return "Page " + position;
        }
        
    }

}

For more complex cases with many pages, check out the more dynamic approach with SmartFragmentStatePagerAdapter explained later.

Apply the Adapter

Finally, let's associate the ViewPager with a new instance of our adapter:

public class MainActivity extends AppCompatActivity {
	FragmentPagerAdapter adapterViewPager;

	@Override
	protected void onCreate(Bundle savedInstanceState) {
		super.onCreate(savedInstanceState);
		setContentView(R.layout.activity_home);
		ViewPager vpPager = (ViewPager) findViewById(R.id.vpPager);
		adapterViewPager = new MyPagerAdapter(getSupportFragmentManager());
		vpPager.setAdapter(adapterViewPager);
	}
	
	// ...
}

And now we have a basic functioning ViewPager with any number of fragments as pages which can be swiped between.

Selecting or Getting the Page

We can access the selected page within the ViewPager at any time with the getCurrentItem method which returns the current page:

vpPager.getCurrentItem(); // --> 2

The current page can also be changed programmatically with the

vpPager.setCurrentItem(2)

With this getter and setter, we can easily access or modify the selected page at runtime.

Setup OnPageChangeListener

If the Activity needs to be able listen for changes to the page selected or other events surrounding the ViewPager, then we just need to hook into the ViewPager.OnPageChangeListener on the ViewPager to handle the events:

// Attach the page change listener inside the activity
vpPager.addOnPageChangeListener(new OnPageChangeListener() {
	
	// This method will be invoked when a new page becomes selected.
	@Override
	public void onPageSelected(int position) {
		Toast.makeText(HomeActivity.this, 
                    "Selected page position: " + position, Toast.LENGTH_SHORT).show();
	}
	
	// This method will be invoked when the current page is scrolled
	@Override
	public void onPageScrolled(int position, float positionOffset, int positionOffsetPixels) {
		// Code goes here
	}
	
	// Called when the scroll state changes: 
	// SCROLL_STATE_IDLE, SCROLL_STATE_DRAGGING, SCROLL_STATE_SETTLING
	@Override
	public void onPageScrollStateChanged(int state) {
		// Code goes here
	}
});

Tabbed Interface with Pager

We can use the ViewPager to display a tabbed indicator in order to create tabs to display our fragments. At Google I/O 2015, Google announced a new TabLayout class that makes creating this tabbed interface fairly easy to do. See Google Play Style Tabs using TabLayout for a walkthrough.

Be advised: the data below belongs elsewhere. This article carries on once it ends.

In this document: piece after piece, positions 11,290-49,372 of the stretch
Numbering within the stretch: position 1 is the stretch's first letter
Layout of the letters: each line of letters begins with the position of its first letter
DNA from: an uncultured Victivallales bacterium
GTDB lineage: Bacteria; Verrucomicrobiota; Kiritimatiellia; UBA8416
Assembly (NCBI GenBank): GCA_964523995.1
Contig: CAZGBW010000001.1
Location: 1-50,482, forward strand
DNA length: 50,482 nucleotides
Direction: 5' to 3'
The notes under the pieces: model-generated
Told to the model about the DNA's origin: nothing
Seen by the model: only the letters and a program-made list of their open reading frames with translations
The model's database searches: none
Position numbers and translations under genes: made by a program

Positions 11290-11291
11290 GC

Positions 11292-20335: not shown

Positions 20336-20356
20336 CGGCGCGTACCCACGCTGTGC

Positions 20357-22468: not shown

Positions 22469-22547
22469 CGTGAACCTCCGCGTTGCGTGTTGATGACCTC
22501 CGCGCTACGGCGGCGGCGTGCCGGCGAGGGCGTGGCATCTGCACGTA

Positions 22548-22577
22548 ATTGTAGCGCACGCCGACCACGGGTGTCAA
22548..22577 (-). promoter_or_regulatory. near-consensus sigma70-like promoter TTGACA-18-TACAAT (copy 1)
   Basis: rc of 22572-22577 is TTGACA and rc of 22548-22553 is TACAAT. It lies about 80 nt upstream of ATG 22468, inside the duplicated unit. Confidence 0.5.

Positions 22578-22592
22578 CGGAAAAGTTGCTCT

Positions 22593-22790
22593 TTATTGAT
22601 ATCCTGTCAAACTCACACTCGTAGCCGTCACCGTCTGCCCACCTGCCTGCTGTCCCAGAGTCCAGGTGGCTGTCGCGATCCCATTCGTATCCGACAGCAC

An alternative approach to achieve this is to use the third-party PagerSlidingTabStrip library.

Tabs

In this way, we can use the same pager system described above and augment the pager with a tabbed navigation indicator.

Dynamic ViewPager Fragments

In certain cases, we may require a dynamic ViewPager where we want to get access to fragment instances or with pages being added or removed at runtime. If your ViewPager is more dynamic with many pages and fragments, we will want to use an implementation of the alternate FragmentStatePagerAdapter instead. Below shows us how to use this and also intelligently cache the fragments for easy lookup.

Setup SmartFragmentStatePagerAdapter

First, copy in the SmartFragmentStatePagerAdapter.java which provides the intelligent caching of registered fragments within our ViewPager. This solves the common problem of needing to access the current item within the ViewPager.

Now, we want to extend from SmartFragmentStatePagerAdapter copied above when declaring our adapter so we can take advantage of the better memory management of the state pager:

public class MainActivity extends AppCompatActivity {
    // ...
    private SmartFragmentStatePagerAdapter adapterViewPager;
    
    // Extend from SmartFragmentStatePagerAdapter now instead for more dynamic ViewPager items
    public static class MyPagerAdapter extends SmartFragmentStatePagerAdapter {
	private static int NUM_ITEMS = 3;
		
        public MyPagerAdapter(FragmentManager fragmentManager) {
            super(fragmentManager);
        }
        
        // Returns total number of pages
        @Override
        public int getCount() {
            return NUM_ITEMS;
        }
 
        // Returns the fragment to display for that page
        @Override